Which memory cards work in the BR?The Roland website lists many compatible cards including SanDisk and Lexar which are widely available. See www.roland.com.
I have a standard (blue & red label) SanDisk 256MB CompactFlash card, as well as a SanDisk Ultra II 1GB CompactFlash card. Both work well in my BR-864. I also have a Kingmax 1GB CompactFlash card which works well too, and it cost a lot less than my SanDisk cards.
Two members of the BossBr group have reported using A-Data 1GB CompactFlash cards successfully in their BR-600s. However, at least two other members bought the same card and found that it wouldn't work in their BR-600s. So be careful with that one. See the BossBr group message thread for more info.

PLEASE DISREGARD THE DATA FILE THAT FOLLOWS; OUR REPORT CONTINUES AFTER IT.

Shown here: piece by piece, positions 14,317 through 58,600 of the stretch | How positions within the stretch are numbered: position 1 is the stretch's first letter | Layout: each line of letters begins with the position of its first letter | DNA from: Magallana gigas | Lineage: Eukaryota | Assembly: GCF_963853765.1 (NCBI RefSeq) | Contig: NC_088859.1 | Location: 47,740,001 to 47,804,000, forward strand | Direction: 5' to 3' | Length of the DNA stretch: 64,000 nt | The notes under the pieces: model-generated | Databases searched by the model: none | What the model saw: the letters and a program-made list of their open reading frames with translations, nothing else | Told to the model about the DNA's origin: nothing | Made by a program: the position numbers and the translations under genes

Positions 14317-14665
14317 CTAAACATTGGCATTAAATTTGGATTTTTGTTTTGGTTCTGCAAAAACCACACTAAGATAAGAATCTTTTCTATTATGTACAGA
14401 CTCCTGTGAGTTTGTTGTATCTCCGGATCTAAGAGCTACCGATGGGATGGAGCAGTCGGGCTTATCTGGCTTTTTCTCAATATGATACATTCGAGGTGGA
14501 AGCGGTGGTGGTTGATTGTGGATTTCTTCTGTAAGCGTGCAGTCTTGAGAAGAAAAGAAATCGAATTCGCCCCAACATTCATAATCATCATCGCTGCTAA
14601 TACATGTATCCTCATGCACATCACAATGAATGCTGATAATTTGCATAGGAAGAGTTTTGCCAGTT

I think the best advice for buying memory cards is to purchase them from a local retailer with a good returns policy. Then you can confidently buy the cheapest card you can find and, if it doesn't work in your BR, take it back and try a different one. Sometimes even expensive cards need to be exchanged. When I bought my SanDisk Ultra II, I was disappointed with its speed. After speaking with SanDisk tech support, I took it back and exchanged it for another of exactly the same type. It worked much better.
If you like shopping online for the best price, try printing out the web's best offers and taking them to your local retailer. Sometimes they're willing to match the online offer after factoring in the shipping costs. That way, you get the same price as you would have paid online, but have the advantage of being able to exchange it if it doesn't work in your BR.
Can I use a memory card that's larger than 1GB?The BRs use the Fugue flash file system licensed from Kyoto Software Research (www.kyoto-sr.co.jp). Because this file system is based on Microsoft's FAT-16, it uses 16-bit sector addressing. That means it can address a maximum of 65,536 (2^16) disc sectors. Each sector is 16KB so the maximum bytes addressable is 65,536 * 16KB = 1,048,576KB, which is 1GB.